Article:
WASHINGTON — The number of Americans seeking unemployment benefits rose last week to 770,000, a sign that layoffs remain high even as much of the U.S. economy is steadily recovering from the coronavirus recession.
Thursday’s report from the Labor Department showed that jobless claims climbed from 725,000 the week before. The numbers have dropped sharply since the depths of the recession last spring but still show that employers in some industries continue to lay off workers. Before the pandemic struck, applications for unemployment aid had never topped 700,000 in any one week.
The four-week average of claims, which smooths out weekly variations, dropped to 746,000, the lowest since late November.
A total of 4.1 million people are continuing to collect traditional state unemployment benefits, down 18,000 from the previous week. Including separate federal programs that are intended to help workers displaced by the health crisis, 18.2 million Americans were receiving some form of jobless aid in the week of Feb. 27, down by 1.9 million from the week before.
The continuing layoffs are occurring even as the overall job market has shown solid improvement. Last month, U.S. employers added a robust 379,000 jobs, the most since October and a sign that the economy is strengthening as consumers spend more and states and cities ease business restrictions.
No single factor fully explains the still-high level of weekly applications for state unemployment aid. The figures have been clouded by backlogs in processing and by evidence of fraud at the state level. In addition, the expansion of supplemental federal unemployment benefits has likely encouraged more jobless Americans to apply for aid.
In addition, last month’s severe winter weather elevated jobless claims in Texas. And California has reported an uptick in applications because of layoffs at bars, restaurants, retailers and other services businesses — all of which have been hard hit by the pandemic.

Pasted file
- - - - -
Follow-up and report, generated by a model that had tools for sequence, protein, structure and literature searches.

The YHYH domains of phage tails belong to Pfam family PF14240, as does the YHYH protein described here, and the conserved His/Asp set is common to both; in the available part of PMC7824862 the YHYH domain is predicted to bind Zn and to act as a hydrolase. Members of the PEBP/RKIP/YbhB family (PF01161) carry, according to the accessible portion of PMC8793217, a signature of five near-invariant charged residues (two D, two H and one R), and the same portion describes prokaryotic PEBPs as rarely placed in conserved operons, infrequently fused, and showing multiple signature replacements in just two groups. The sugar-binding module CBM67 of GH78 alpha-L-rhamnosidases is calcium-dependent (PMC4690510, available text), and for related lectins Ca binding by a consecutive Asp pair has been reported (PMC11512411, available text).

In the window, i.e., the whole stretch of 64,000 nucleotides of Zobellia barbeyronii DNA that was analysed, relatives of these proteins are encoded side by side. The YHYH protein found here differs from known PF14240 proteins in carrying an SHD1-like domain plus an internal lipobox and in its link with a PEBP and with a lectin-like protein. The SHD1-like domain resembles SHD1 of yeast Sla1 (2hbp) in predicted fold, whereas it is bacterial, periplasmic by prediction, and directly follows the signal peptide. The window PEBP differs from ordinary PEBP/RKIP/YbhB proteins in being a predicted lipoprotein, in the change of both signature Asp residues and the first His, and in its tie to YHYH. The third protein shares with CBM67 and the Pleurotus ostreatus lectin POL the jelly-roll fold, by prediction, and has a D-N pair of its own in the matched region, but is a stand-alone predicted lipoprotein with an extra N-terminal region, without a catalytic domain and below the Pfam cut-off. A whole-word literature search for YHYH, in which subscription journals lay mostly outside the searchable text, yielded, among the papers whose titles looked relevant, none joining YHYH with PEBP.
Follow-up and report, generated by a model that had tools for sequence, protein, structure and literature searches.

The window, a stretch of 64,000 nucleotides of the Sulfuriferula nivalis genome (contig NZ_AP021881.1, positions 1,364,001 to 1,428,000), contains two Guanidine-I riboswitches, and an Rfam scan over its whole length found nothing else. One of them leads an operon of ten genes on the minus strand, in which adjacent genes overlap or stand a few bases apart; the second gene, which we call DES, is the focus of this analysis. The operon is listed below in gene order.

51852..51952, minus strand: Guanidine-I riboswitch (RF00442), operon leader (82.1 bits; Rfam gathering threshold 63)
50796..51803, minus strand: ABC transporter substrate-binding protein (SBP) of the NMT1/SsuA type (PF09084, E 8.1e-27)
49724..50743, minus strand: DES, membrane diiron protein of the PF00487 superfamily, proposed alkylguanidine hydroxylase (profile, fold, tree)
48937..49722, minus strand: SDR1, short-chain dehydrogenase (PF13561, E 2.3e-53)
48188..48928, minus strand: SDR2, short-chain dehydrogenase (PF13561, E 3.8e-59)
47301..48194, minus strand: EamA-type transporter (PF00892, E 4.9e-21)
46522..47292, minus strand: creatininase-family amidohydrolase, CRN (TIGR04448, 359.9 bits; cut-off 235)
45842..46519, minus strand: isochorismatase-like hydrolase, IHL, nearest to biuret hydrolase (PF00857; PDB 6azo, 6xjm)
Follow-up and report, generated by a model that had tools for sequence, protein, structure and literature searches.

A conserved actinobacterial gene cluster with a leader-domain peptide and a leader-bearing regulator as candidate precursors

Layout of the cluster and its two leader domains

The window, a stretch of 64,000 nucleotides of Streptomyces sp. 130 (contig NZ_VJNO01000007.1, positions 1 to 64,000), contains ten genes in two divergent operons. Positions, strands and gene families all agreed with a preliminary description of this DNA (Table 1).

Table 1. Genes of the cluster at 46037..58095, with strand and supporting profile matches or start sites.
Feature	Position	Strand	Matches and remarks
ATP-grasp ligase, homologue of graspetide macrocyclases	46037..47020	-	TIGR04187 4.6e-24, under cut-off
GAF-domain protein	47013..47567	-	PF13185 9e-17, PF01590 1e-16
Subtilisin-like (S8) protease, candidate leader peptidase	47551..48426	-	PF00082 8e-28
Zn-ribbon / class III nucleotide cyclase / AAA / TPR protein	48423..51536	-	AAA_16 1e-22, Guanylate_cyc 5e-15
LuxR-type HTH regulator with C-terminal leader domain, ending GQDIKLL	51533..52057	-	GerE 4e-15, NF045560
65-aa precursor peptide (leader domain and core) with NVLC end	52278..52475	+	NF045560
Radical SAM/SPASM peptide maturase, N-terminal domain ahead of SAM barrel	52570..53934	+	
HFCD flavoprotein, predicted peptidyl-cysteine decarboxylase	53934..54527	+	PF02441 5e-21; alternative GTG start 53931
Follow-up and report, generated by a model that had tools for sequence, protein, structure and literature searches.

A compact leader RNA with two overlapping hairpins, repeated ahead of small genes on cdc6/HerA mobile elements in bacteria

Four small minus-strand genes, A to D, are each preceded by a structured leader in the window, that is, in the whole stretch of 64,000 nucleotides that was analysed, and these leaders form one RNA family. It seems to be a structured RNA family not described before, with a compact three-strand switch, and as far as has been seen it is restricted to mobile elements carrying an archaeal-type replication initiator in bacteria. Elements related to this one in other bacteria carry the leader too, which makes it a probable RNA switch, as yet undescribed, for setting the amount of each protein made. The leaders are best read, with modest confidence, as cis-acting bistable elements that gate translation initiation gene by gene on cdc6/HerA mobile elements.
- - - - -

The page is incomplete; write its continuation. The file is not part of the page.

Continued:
Yet with vaccinations accelerating, hopes are rising that Americans will increasingly travel, shop, eat out and spend freely after a year of virus-induced restraint.
President Joe Biden’s $1.9 trillion relief package is also expected to help accelerate growth, especially with most adults this week receiving $1,400 stimulus checks that should fuel more spending. An extension of $300 weekly unemployment benefits into early September will provide support, too, along with money for vaccines and treatments, school re-openings, state and local governments and ailing industries ranging from airlines to concert halls.
“Labor market strains are ongoing, but we expect filings (for unemployment aid) to start declining as restrictions are lifted and more normal operations resume,” Rubeela Farooqi, chief U.S. economist at High Frequency Economics, said in a research note. “As businesses return to full capacity, job and income prospects will improve and, combined with fiscal support, will provide a powerful lift to the economy.”
At the same time, the nation is still roughly 9.5 million short of the number of jobs it had in February 2020. And Federal Reserve Chair Jerome Powell suggested Wednesday after the Fed’s latest policy meeting that the overall economic outlook remained cloudy.
“The state of the economy in two or three years is highly uncertain,” Powell said at a news conference after the Fed signaled that it expects to keep its key interest rate near zero through 2023 despite some solid economic gains and concerns about rising inflation pressures.
By most barometers, business activity in the economy’s vast and hard-hit service sector is still far from normal. The data firm Womply said, for example, that as of early last week 63 percent of movie theaters, galleries and other entertainment venues were closed. So were 39 percent of bars, 32 percent of gyms and other sports and recreation businesses and 30 percent of restaurants.
The Dispatch Editorial Board is made up of publisher Peter Imes, columnist Slim Smith, managing editor Zack Plair and senior newsroom staff.